Audio output on RS-232

I made a little program to play audio out of the serial port of my computer.

http://vivara.net/software/ttyplay/

A blurry picture of the serial connections

The Linux desktop is complete, now that this application is released…

Laptop playing music!

Notice the image is blurry because of huge quantities of bass produced. (Actually, the sound is barely audible.)

How does it work?

First, the audio is resampled to the baudrate of the serial port.

Look over here for a description of the RS-232 waveform. Good hardware can send bytes “back-to-back”. Two of the bits are determined by the protocol: the Start bit and the Stop bit. I can control the other 8 bits coming out of the serial port.

Sigma-Delta modulation is a way to encode an analog signal into a binary bitstream.

Sigma Delta modulation

(This image is from http://www.numerix-dsp.com/appsnotes/APR8-sigma-delta.pdf)

To make the serial port play music, I added a block after the one-bit quantizer to account for start and stop bits. This block is still inside the feedback loop, and reduces the audible effect of the start and stop bits.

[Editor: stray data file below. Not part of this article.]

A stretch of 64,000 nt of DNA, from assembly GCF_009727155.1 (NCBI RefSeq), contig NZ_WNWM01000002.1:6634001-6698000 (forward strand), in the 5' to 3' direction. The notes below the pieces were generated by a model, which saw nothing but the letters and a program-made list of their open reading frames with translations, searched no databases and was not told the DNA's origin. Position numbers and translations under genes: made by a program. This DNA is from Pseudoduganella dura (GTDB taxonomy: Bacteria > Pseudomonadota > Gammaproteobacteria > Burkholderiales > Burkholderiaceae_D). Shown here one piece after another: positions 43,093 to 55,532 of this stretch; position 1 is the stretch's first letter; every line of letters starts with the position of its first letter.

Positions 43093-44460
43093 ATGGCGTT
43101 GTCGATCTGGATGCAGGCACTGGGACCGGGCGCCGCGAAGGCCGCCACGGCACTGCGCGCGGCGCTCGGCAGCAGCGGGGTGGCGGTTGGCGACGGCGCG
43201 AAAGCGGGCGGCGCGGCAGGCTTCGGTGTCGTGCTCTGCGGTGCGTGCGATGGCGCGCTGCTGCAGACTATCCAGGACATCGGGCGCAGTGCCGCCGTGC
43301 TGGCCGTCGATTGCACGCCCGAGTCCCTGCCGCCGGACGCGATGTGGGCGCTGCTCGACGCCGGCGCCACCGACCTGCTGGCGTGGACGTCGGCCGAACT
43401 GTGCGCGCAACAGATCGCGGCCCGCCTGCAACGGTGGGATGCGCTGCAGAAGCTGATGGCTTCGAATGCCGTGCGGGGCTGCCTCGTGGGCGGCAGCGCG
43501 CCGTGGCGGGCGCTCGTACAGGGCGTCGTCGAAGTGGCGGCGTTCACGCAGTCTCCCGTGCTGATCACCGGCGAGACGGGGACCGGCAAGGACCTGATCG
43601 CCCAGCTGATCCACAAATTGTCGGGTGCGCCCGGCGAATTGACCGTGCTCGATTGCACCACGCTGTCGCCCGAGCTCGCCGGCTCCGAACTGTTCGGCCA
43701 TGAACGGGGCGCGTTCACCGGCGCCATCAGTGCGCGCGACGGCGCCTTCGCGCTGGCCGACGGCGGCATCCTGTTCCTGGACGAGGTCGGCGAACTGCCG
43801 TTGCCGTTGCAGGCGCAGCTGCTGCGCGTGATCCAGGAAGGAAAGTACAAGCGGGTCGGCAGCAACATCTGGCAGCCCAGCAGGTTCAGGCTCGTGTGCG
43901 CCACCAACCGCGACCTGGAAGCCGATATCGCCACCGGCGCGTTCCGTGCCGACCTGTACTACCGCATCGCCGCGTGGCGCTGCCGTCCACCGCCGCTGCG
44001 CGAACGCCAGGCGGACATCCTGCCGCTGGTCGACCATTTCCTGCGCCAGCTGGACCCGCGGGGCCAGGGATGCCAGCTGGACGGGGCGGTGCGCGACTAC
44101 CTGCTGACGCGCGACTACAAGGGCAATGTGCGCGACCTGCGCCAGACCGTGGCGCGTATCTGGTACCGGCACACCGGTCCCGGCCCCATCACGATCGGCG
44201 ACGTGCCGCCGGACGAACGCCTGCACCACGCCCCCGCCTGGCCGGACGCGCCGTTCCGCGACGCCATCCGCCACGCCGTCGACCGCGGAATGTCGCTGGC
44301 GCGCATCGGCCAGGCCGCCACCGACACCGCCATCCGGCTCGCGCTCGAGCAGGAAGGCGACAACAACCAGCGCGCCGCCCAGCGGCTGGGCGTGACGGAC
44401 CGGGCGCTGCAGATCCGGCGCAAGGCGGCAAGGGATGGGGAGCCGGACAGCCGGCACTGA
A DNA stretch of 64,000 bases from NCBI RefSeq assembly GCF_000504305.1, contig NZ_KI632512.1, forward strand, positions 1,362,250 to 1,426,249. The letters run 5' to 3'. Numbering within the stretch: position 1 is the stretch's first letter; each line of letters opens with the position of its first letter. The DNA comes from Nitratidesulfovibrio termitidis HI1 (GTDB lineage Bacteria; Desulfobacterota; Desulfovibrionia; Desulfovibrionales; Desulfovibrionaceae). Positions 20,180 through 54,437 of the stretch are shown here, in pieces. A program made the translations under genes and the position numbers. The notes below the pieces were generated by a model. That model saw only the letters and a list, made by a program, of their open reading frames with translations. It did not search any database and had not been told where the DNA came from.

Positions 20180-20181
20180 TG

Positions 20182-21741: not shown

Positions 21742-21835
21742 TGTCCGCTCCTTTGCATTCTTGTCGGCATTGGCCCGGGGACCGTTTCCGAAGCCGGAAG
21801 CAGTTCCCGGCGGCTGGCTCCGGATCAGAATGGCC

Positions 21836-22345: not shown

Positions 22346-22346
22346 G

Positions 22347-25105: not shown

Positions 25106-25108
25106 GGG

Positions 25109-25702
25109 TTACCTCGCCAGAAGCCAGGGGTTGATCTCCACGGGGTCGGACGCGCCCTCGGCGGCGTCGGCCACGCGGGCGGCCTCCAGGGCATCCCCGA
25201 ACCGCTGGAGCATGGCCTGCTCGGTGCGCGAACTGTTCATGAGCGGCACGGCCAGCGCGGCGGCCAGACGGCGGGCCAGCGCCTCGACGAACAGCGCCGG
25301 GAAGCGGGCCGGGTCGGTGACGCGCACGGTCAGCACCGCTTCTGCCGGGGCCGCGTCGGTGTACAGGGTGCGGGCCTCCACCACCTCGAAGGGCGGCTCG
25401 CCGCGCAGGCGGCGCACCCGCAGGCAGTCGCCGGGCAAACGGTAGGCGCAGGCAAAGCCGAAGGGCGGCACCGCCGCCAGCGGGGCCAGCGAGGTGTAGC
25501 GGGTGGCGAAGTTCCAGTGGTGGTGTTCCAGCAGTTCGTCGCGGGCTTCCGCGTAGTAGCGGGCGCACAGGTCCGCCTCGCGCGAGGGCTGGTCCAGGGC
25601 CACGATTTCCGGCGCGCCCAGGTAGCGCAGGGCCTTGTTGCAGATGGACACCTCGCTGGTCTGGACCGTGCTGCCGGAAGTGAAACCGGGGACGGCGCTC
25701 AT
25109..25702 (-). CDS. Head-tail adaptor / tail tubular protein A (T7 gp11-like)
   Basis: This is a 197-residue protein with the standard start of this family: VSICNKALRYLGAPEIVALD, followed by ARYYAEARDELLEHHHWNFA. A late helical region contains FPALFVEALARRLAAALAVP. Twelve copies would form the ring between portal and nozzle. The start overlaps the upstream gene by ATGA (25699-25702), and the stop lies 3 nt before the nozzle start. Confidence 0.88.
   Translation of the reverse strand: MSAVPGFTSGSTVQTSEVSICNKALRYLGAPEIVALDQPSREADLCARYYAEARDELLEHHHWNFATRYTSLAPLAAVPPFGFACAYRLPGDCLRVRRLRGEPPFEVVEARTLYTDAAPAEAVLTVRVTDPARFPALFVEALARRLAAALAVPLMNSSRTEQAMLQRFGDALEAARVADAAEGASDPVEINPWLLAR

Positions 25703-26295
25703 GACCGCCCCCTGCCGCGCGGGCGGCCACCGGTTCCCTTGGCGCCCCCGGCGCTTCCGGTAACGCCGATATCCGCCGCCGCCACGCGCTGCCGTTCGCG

See the README for more implementation detail.

Links:

Mega Nerd, home of libsndfile and libsamplerate, which are both used by this project.

Roman Black’s one bit sound on a PIC. I do not see the modulation details on his page. Some of the analysis on this page appears to be incorrect, or uses nonstandard terminology.

Linux Gazette article on sound from the parallel port.

17 Comments »

  1. Steve said,

    October 24, 2005 at 6:58 pm

    TH Lee is heard saying, after trying your code, “The smell so bad.”

    Why don’t you try compressing the audio before you send it out the serial port. That will save time. I suggest a compression algorithm that will compress it down to 1 bit, indicating that it exists. That should suffice for most audiophiles.

    I think, for your next trick, you should hook up a modem and send the audio over a phone line.

  2. justin said,

    October 25, 2005 at 11:13 am

    This brings me back to the TRS-80 days where games produces sound, including occasionally digitized voice, through a cassette port which had only a single bit as well. out $FF,0 or out $FF,1 (scary that I remember that).

  3. lentilwallop said,

    October 26, 2005 at 10:58 am

    There used to be a Z-Shell program for the Ti-85 that did essentially this. The bottom port (1/8″) of the Ti-85 is a Serial Connection.

  4. Gabriele said,

    October 27, 2005 at 7:00 pm